Cummings, an African American Democrat representing Baltimore and surrounding counties, had ceaselessly criticized the president and even chaired several congressional investigations into improprieties alleged against the Trump administration. Perhaps most worryingly for the president, Cummings, as chair of the Committee on Oversight and Reform, began an impeachment inquiry into the president.
Because Cummings had been a long-serving member of Congress, several congressional leaders, including Senate Majority Leader Mitch McConnell, were in customary attendance. As they gathered to pay their respects to the fallen congressman, Cummings’ friend and pallbearer shook their hands in succession—but notably refused to shake McConnell’s outstretched hand. The televised slight reverberated around the political world—with many initial reactions assuming it was a partisan jab at McConnell.
It wasn’t. Although the man, subsequently identified as Bobby Rankin, did intentionally withhold the greeting, his reasons—while rude and disrespectful—were not partisan but in fact deeply personal.
As it turns out, Rankin’s brother had died the previous year from cancer reportedly caused by drinking contaminated water while a Marine serving at Camp Lejeune in North Carolina. According to Rankin, his brother was refused the veteran’s medical benefits he was entitled to, and he blamed McConnell for failing to intervene on his brother’s behalf.
“When I saw Mitch McConnell, all I saw was my brother’s face,” said Rankin, “I could not put my hands in the man’s hand who refused to help somebody who served his country.”
While the media assumed partisan rancor, the real political importance of this moment was underreported. It was that the leading Republican in Congress, a well-known hawk on issues of national security, was being blamed for letting one of the troops down. And, ironically, the soldier’s brother was also the good friend of one of the leading doves in Congress.
If it is a truism that politics makes strange bedfellows, it is perhaps equally true that political funerals, as evidenced by those of McCain and Cummings, make strange archenemies.
During his funeral oration for the fallen Greek soldiers, Pericles wisely observed, “All men praise the dead, and, however preeminent your virtue may be, I do not say even to approach them, and avoid living their rivals and detractors, but when a man is out of the way, the honor and goodwill which he receives is unalloyed.” We Americans have shortened the admonition to the simple phrase “do not speak ill of the dead.”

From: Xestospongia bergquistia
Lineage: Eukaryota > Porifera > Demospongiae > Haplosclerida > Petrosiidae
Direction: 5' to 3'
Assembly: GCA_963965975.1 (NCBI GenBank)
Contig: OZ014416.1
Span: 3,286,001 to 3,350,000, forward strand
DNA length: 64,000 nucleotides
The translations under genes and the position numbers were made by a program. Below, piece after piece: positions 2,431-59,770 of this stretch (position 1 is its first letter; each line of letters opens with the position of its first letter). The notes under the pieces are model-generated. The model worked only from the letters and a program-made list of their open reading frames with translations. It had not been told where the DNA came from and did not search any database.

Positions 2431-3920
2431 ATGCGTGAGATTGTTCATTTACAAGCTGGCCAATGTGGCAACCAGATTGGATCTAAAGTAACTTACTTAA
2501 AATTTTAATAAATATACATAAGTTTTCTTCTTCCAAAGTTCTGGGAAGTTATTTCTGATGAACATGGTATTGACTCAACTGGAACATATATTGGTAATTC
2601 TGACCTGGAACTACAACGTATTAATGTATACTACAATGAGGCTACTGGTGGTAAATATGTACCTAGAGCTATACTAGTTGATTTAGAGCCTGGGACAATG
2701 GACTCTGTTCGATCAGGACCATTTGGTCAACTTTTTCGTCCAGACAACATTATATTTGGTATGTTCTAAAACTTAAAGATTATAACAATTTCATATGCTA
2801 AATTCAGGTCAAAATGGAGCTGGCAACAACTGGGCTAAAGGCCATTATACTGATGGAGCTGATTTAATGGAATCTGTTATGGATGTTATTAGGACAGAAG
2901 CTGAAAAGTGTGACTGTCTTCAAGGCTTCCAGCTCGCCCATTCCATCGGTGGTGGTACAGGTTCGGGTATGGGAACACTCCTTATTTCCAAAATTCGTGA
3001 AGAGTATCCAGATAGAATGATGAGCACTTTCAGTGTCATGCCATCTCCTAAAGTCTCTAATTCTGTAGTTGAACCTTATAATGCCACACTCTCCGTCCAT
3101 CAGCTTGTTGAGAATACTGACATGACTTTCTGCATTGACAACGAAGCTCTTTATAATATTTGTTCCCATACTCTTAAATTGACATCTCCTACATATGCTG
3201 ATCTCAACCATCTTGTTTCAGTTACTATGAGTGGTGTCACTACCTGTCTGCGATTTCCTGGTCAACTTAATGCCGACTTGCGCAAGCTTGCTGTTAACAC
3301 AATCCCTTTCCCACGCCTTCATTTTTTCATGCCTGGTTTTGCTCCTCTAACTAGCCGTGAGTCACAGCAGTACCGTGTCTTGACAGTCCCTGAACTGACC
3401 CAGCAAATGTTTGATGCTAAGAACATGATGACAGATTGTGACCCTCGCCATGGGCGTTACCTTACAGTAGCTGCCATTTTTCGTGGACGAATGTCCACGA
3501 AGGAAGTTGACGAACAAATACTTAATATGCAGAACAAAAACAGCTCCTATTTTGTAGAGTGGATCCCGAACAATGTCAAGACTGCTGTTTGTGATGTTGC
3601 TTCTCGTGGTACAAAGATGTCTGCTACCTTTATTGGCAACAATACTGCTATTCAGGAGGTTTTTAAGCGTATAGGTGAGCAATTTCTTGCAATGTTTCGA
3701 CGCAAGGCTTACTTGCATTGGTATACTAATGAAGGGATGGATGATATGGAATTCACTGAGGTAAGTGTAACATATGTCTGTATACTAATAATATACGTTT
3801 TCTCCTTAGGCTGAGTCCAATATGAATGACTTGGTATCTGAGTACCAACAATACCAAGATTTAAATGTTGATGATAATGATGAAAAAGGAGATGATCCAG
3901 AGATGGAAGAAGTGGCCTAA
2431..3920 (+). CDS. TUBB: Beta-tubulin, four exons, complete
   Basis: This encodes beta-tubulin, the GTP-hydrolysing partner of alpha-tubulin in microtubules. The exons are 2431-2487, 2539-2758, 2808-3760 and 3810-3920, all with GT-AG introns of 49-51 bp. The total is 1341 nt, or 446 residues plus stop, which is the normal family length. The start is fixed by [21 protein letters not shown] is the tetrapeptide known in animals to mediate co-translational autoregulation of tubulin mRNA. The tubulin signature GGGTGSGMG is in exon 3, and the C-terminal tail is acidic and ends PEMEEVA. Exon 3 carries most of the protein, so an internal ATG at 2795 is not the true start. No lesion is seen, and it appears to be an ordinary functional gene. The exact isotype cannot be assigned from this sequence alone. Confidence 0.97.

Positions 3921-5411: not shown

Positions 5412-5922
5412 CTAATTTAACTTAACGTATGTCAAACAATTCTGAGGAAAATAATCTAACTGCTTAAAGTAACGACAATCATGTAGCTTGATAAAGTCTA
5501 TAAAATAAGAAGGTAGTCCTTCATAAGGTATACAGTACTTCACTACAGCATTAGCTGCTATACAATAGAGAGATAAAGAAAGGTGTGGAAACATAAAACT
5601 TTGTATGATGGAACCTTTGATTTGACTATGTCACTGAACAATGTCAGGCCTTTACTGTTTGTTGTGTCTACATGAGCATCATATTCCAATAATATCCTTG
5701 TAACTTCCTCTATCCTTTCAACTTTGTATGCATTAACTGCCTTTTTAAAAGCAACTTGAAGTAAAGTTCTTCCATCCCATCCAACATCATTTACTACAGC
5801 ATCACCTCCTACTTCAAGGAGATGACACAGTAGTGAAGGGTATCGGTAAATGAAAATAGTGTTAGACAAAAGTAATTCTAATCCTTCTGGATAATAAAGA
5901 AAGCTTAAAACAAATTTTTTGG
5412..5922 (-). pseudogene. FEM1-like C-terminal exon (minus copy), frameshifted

But the art of rhetoric at political funerals, especially the act of praising the dead, can often veil the intent of shaming one’s living foes.
Just as McCain’s funeral turned into a “meeting of the Resistance,” as a writer for the liberal magazine The New Yorker put it, so did the funeral for Caesar as depicted by Shakespeare in the eponymous theatrical work.
Antony, a close friend of Caesar’s, sensed the political animus against the recently assassinated leader and immediately sought to allay any concerns over his subsequent eulogy, with the infamous lines, “I come to bury Caesar, not to praise him./ The evil that men do lives after them;/ The good is oft interred with their bones.”
The line is scalding in both its denial and its accusation. He both chided the opposing senators for continuing to disparage Caesar, as if somehow he could continue to do “evil” even after he was dead, and inferred that within Caesar lay the bones of a man with some residue of “good.”
The speech continues in almost inverse fashion from that of most funeral orations. He first praised his friend Caesar as a man whose outsized ambition nonetheless permitted him to charitably heed cries of the poor, and subsequently cast Caesar’s chief antagonist, Brutus, as a man whose own honorable character should have afforded him the dignity to at least mourn a man who he once loved.